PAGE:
Kenya decries high abortion rate

September 23, 2009 12:00 am

, NAIROBI, Kenya, Sept 23 – As the world marks the 3rd World Contraceptive Day on Saturday, inadequate use of contraceptives associated with high rates of abortions and birth rates remained a major concern among reproductive health experts in Kenya.

Departmental Head of Family Health in the Ministry of Public Health and Sanitation Dr Josephine Kibaru said on Wednesday that there were 300,000 abortions every year in public health centres alone.

“Our study shows that the number of abortions in this country is so high, this was done only in public facilities which mean that this is just a tip of the iceberg,” she said.

The high rates of abortion in public institutions only posed more questions than answers since abortion in Kenya was still illegal.

According to Population Services International (PSI), “an estimated 14 percent of all pregnant mothers in Kenya end up aborting and nearly one in five maternal deaths are a result of unsafe abortion.”

PSI further revealed that the number of illicit abortions were so high that no estimates were made. Dr Kibaru attributed the high abortion rates to inadequate or total lack of use of Family Planning (FP) methods.

Head of Division of Reproductive Health- Public Health Ministry Dr Bartilol Kigen said despite the government having enough FP methods for the next one year, women were not utilising the services as expected.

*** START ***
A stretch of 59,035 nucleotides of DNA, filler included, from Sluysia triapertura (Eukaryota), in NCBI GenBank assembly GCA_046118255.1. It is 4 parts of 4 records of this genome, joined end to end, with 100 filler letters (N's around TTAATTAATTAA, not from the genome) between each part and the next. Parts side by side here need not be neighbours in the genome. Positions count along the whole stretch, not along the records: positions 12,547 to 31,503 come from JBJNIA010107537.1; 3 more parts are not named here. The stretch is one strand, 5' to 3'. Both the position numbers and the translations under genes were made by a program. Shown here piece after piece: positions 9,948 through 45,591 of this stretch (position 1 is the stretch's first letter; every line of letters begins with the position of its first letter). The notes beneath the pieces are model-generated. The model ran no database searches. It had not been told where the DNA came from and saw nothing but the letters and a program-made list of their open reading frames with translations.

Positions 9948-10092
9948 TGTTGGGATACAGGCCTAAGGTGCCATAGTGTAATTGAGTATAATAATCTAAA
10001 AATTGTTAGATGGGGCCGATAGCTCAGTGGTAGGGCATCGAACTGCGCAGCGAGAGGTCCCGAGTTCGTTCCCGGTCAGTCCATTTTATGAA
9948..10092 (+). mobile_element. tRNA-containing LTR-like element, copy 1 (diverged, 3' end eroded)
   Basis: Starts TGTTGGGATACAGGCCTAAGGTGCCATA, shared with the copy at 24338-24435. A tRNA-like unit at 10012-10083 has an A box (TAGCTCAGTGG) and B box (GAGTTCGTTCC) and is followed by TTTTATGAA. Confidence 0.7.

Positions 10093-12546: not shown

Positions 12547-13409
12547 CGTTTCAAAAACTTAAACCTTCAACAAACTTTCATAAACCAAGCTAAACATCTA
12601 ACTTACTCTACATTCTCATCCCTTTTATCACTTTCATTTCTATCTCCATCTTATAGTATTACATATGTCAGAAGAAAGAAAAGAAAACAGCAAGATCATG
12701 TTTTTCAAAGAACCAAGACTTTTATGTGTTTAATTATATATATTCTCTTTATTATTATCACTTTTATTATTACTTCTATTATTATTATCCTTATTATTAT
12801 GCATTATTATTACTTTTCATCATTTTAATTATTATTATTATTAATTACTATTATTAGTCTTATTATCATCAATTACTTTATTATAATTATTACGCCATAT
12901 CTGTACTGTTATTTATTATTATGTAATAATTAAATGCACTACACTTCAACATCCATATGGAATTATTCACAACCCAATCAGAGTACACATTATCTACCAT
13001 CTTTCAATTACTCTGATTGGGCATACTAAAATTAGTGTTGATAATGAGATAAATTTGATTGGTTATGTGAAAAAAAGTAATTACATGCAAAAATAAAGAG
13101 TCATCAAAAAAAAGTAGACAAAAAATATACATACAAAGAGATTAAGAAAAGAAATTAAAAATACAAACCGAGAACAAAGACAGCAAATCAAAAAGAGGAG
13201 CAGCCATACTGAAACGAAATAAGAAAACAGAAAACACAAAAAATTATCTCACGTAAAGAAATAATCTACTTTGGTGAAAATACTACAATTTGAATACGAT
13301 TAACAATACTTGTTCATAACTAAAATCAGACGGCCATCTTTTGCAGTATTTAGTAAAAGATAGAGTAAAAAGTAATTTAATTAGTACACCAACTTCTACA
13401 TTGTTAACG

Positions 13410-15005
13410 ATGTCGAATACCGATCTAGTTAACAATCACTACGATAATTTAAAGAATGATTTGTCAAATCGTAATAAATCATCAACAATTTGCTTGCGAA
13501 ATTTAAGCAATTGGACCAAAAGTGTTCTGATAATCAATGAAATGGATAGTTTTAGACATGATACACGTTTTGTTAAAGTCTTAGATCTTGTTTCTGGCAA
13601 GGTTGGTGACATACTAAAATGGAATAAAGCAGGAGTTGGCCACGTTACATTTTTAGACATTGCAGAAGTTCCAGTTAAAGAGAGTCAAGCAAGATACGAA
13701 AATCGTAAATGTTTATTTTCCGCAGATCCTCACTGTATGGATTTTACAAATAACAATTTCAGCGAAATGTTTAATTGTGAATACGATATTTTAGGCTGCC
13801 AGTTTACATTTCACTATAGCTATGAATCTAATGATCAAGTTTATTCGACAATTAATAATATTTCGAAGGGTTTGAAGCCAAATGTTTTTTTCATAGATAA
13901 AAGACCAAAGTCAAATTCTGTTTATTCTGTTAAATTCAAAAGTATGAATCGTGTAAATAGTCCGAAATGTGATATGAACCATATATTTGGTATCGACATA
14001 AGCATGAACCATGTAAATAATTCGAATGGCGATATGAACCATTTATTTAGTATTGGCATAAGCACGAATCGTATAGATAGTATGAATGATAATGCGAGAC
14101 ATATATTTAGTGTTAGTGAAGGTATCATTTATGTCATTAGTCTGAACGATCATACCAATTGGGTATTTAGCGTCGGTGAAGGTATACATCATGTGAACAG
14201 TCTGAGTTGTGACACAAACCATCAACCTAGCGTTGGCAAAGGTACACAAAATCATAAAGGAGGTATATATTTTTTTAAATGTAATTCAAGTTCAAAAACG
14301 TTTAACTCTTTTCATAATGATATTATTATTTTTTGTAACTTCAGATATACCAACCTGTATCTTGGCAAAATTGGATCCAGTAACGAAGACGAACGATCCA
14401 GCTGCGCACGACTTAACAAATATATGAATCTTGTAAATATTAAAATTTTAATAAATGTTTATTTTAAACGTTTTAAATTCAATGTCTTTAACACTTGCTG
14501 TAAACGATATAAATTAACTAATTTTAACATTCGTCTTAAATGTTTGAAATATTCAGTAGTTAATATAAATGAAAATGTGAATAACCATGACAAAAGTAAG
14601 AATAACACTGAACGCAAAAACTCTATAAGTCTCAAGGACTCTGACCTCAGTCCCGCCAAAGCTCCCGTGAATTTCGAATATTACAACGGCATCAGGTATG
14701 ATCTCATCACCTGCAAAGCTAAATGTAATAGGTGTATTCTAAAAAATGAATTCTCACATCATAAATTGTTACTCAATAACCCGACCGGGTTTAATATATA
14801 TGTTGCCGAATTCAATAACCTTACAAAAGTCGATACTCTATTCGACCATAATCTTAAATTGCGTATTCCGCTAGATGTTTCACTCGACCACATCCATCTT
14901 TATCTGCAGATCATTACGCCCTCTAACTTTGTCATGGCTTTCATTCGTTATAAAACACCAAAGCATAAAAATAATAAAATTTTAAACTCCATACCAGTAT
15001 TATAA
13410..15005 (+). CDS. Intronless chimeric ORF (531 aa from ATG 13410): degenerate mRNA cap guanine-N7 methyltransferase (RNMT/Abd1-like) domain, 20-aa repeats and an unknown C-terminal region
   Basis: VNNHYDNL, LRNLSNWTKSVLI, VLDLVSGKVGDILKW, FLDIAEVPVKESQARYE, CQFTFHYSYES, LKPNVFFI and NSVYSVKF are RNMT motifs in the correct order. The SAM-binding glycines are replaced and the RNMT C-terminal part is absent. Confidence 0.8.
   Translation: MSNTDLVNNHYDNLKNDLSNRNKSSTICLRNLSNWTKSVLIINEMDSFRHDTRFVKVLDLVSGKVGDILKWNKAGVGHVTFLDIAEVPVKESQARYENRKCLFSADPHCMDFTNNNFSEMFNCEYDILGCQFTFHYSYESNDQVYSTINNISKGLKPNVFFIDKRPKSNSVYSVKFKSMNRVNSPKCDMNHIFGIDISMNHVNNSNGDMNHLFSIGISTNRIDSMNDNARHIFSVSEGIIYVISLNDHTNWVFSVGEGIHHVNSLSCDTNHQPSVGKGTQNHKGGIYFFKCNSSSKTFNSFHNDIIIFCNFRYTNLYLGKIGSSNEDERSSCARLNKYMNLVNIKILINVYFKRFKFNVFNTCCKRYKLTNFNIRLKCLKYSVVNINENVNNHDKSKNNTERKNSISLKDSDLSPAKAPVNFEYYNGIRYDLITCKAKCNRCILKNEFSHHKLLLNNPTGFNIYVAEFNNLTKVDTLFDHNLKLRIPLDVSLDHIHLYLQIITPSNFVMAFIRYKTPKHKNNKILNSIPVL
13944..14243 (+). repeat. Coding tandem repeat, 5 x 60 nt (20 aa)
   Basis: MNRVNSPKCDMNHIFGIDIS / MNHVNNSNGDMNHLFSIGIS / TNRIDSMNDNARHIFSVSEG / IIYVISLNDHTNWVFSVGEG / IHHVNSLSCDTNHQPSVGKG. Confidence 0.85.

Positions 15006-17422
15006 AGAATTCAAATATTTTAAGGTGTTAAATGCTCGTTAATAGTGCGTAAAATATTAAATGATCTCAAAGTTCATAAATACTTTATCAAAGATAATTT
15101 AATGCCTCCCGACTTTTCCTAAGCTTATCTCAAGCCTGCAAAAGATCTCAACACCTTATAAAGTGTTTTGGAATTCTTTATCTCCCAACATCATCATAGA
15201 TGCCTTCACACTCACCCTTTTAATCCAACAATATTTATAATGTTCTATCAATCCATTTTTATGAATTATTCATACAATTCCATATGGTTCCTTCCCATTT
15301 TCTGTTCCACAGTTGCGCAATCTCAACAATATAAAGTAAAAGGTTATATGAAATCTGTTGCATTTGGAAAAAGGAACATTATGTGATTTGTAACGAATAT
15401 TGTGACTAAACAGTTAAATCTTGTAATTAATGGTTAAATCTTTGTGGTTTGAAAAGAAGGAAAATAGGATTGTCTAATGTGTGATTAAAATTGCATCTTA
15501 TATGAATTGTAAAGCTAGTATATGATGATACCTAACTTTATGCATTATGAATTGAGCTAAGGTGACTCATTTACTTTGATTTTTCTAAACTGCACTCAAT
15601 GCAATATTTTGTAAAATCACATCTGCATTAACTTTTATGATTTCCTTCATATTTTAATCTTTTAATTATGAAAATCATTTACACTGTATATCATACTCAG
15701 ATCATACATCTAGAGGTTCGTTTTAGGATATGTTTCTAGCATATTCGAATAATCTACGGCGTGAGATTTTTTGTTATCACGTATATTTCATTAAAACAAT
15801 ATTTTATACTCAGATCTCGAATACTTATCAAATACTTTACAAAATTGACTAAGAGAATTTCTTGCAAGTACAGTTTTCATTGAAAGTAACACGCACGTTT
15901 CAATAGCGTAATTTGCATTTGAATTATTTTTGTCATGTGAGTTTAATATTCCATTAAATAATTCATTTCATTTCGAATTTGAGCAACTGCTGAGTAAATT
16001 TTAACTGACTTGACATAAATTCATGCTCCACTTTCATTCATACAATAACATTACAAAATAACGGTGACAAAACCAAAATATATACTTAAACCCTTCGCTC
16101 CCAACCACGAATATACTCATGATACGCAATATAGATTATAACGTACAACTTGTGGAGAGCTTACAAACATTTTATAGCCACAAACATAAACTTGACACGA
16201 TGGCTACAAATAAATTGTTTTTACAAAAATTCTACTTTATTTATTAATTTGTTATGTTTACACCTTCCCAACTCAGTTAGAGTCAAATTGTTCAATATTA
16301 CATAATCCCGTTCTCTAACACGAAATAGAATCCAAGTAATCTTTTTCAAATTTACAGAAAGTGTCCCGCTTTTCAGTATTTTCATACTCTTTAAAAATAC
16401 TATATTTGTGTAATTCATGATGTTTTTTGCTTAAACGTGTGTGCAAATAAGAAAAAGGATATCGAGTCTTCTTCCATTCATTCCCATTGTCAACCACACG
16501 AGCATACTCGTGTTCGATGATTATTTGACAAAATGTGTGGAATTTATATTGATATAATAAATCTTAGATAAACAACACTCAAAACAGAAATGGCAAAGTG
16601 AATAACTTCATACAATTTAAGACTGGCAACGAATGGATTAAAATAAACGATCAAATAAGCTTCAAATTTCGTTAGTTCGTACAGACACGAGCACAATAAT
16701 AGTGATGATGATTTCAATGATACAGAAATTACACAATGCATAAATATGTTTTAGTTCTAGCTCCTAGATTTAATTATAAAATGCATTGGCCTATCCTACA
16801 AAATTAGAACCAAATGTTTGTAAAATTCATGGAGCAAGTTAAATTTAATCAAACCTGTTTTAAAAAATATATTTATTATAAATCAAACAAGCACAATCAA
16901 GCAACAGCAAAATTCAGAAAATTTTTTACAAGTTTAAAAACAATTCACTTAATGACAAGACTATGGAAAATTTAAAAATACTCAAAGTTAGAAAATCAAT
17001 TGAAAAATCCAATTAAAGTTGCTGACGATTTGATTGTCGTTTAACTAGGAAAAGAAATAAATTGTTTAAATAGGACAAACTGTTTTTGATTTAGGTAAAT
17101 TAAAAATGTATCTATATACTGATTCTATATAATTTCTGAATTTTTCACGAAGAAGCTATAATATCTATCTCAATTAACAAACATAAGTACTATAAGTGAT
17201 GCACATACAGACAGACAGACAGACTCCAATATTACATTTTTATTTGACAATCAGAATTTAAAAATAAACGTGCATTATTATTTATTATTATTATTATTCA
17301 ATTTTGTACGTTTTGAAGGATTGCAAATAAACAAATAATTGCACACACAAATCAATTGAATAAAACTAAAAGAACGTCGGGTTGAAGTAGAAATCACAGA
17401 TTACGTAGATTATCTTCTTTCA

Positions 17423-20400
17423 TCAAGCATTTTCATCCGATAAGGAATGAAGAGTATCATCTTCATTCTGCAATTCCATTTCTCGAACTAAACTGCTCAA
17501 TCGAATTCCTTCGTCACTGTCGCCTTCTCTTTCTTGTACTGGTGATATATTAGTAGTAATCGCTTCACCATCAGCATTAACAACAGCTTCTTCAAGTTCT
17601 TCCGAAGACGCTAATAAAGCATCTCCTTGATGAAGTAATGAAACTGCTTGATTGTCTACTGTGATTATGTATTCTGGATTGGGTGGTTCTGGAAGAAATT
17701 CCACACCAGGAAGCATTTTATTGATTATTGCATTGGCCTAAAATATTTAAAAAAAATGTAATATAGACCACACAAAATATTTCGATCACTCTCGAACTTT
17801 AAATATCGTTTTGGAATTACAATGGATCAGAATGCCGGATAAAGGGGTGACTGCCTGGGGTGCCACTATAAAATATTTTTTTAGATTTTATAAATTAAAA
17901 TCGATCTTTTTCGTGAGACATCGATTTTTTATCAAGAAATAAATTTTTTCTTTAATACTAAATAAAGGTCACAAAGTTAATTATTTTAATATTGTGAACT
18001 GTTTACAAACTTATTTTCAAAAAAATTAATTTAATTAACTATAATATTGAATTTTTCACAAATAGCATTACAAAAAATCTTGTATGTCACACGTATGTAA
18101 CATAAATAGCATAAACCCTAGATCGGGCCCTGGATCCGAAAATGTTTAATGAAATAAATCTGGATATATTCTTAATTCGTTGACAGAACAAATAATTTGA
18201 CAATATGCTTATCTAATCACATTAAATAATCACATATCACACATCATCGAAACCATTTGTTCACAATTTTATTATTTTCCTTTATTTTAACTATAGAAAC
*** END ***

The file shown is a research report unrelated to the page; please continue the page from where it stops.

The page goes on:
Though the number of people using contraceptives had increased from 39 percent to 46 percent, he said there were challenges of creating awareness and convincing women to use contraceptives for birth control and avoid unwanted pregnancies.

National Coordinating Agency for Population and Development Senior Programme Documentalist David Kinyua said due to low use of family planning, 1.5 million children were born in Kenya every year.

“As much as there is no limitation on the number of children one should have, it is important for people to give birth to children they can care for. Though people are having about four to five children, we are not saying there is a limitation but we would have expected them to have about two to three,” he noted.

This year’s World Contraceptive Day will focus on encouraging young people to talk about sex and contraception with an aim of giving them options to prevent unplanned pregnancies and sexually transmitted infections.

Public Health Director Dr Shanaaz Shariff appealed to sexually active youth to start using FP methods.

However he noted there was need to have youth-friendly centres in all constituencies to encourage more youth to visit them to get information on their reproductive health.

He further said young people in schools should be given a choice through sex education. Kenya will mark the World Contraceptive Day with a launch of activities on Saturday at Makadara Youth Centre.


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